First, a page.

Interview with Alena Huberová, mentor and coach of promising young entrepreneurs and start-ups

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Alena Huberová is a communication strategist, coach and trainer. Having gained 22 years of experience abroad, she now helps start-ups and entrepreneurs with presentation skills, business pitching and the art of attracting attention. As she herself says, the initial mentoring sessions are key to understanding the targeting of a start-up and the right sense of the project’s “essence”. One of the activities in which she is currently engaged is CzechInvest’s CzechStarter programme, which offers mentoring and consulting for firms that are seeking assistance and advice at the start of doing business and established companies looking for a new direction. In what areas does Alena Huberová see the strength of Czech start-ups? How has working elsewhere in the world for over two decades shaped her views? The answers to those questions and more can be found in the following interview.


1)    Alena, can you tell us exactly what you do and what you are focusing on?

Very simply said, I help people “sell” their ideas. I teach start-up entrepreneurs and corporate managers to present their projects in order to gain the favour of potential business partners, clients and investors and to convince them to buy or to take some other particular action, such as arranging a future meeting, establishing cooperation or making an investment. Where start-up entrepreneurs are concerned, I prepare them for negotiations with investors. I help them to formulate their business presentation so that the investor immediately understands 1) WHY the project even exists, 2) WHY now, and 3) WHY it would be in the investor’s interest to invest in the given start-up.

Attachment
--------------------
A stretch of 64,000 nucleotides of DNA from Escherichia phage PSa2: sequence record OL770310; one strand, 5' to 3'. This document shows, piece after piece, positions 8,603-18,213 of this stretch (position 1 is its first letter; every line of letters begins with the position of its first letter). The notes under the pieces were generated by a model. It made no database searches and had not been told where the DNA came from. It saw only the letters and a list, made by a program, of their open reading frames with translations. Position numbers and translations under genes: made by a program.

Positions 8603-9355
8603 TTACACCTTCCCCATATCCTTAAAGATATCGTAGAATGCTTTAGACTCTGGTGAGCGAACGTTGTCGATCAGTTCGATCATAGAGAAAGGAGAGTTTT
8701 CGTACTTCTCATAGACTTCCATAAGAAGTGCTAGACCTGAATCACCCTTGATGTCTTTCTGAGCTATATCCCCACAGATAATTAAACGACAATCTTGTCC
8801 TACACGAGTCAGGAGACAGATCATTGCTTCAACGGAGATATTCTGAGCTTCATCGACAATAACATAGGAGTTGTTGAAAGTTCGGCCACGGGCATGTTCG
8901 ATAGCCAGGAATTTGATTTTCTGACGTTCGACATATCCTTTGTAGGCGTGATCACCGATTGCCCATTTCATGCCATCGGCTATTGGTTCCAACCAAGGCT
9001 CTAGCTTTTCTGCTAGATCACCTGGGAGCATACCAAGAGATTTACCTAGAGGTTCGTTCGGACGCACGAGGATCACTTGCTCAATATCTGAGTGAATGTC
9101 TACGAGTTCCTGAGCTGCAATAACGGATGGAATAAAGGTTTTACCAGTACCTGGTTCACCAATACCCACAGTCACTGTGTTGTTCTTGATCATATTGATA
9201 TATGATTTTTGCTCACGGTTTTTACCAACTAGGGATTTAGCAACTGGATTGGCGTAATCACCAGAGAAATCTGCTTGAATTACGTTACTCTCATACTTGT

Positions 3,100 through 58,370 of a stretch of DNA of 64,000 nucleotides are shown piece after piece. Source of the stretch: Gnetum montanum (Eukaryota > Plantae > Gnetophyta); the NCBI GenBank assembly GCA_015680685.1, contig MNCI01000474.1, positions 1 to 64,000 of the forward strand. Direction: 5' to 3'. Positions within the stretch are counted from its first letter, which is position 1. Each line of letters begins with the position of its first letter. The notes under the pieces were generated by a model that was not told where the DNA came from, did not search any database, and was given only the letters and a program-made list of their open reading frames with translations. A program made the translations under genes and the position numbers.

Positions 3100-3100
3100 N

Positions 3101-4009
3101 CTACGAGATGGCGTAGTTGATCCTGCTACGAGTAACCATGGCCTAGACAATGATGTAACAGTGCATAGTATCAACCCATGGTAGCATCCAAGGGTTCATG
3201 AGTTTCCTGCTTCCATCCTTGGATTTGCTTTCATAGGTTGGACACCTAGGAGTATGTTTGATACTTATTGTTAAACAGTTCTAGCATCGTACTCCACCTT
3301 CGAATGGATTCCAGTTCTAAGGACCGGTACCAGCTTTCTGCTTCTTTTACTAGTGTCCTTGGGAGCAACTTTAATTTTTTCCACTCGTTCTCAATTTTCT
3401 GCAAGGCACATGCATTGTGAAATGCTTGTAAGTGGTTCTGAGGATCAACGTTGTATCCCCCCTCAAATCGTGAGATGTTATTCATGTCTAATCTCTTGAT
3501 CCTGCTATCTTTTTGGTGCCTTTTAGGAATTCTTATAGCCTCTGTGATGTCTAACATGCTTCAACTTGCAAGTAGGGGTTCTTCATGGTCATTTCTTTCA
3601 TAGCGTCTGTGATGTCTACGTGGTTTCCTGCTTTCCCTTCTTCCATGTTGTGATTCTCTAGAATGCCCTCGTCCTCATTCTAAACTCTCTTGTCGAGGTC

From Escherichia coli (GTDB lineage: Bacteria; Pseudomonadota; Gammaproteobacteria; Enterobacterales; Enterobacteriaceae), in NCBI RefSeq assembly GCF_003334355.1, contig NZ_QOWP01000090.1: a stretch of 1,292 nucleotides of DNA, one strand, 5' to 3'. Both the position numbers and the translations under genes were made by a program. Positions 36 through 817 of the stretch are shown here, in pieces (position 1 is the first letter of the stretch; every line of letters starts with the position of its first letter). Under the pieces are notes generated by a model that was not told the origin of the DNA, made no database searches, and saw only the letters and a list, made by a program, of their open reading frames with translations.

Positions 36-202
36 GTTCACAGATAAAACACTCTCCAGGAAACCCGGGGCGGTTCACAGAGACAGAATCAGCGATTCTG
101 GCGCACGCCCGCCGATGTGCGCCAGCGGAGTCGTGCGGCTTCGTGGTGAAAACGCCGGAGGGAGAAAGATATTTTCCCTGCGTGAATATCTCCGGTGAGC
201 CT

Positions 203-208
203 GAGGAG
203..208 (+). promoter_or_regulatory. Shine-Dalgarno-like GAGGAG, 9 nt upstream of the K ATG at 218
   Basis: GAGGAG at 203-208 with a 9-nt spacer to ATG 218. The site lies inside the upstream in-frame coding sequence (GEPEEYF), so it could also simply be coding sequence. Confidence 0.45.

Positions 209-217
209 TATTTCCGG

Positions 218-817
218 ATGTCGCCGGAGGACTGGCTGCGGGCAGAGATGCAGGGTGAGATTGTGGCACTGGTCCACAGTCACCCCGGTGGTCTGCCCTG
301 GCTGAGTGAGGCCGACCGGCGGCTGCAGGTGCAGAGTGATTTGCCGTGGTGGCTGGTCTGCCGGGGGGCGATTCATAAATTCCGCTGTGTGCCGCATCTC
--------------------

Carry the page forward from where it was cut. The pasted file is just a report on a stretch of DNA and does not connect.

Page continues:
2)    As we mentioned, you lived in Europe and Asia for more than twenty years. How did that shape you? What did you bring back to the Czech Republic after such a long time?

Hmm, do you really want to know? I could talk about that for a week without stopping. Different country, different manners, as they say. Imaging living and working for a long time in five different countries, both in countries with a culture similar to your own and in countries where you sometimes slap yourself on the forehead because you don’t fully comprehend local thinking, manner of expression and behaviour. Of course, there is a reason for everything. With a bit of an open mind, you often realise that what actually doesn’t make sense is your own thinking, manner of expression and behaviour…

I consider myself to be a perpetual student. I see opportunities to learn something everywhere and living abroad was one lesson after another. It is an unbelievably enriching experience – I recommend it to everyone.

I learned a lot about myself, about people, about the world. I feel liberated from many of my prejudices, I look at things from a somewhat broader perspective and mainly I know that nothing is what it seems at first glance (or what the media want to “sell” us).

When I returned to the Czech Republic after 22 years (which was unexpected and unplanned), it was quite a culture shock for me, even though I had visited my family in the Czech Republic at least twice a year. I was an “alien” in some foreign country for years and so I almost looked forward to the fact that here, in my home country, my “status” would finally change and voilà, what a surprise! My “status” changed, but I still felt and feel like an “alien”. I am still learning to understand my compatriots, just as I learned to understand my fellow citizens abroad. But I have to say that I am extremely happy in Prague. It is an amazing city, beautiful, practical and safe and life is good here. We don’t have war, disease, earthquakes, unemployment. On the contrary, we have unbelievable opportunities and now we even have tropical weather like in the Caribbean J. We simply have no reason to complain…


3)    In your opinion, what is the strength of Czech start-ups?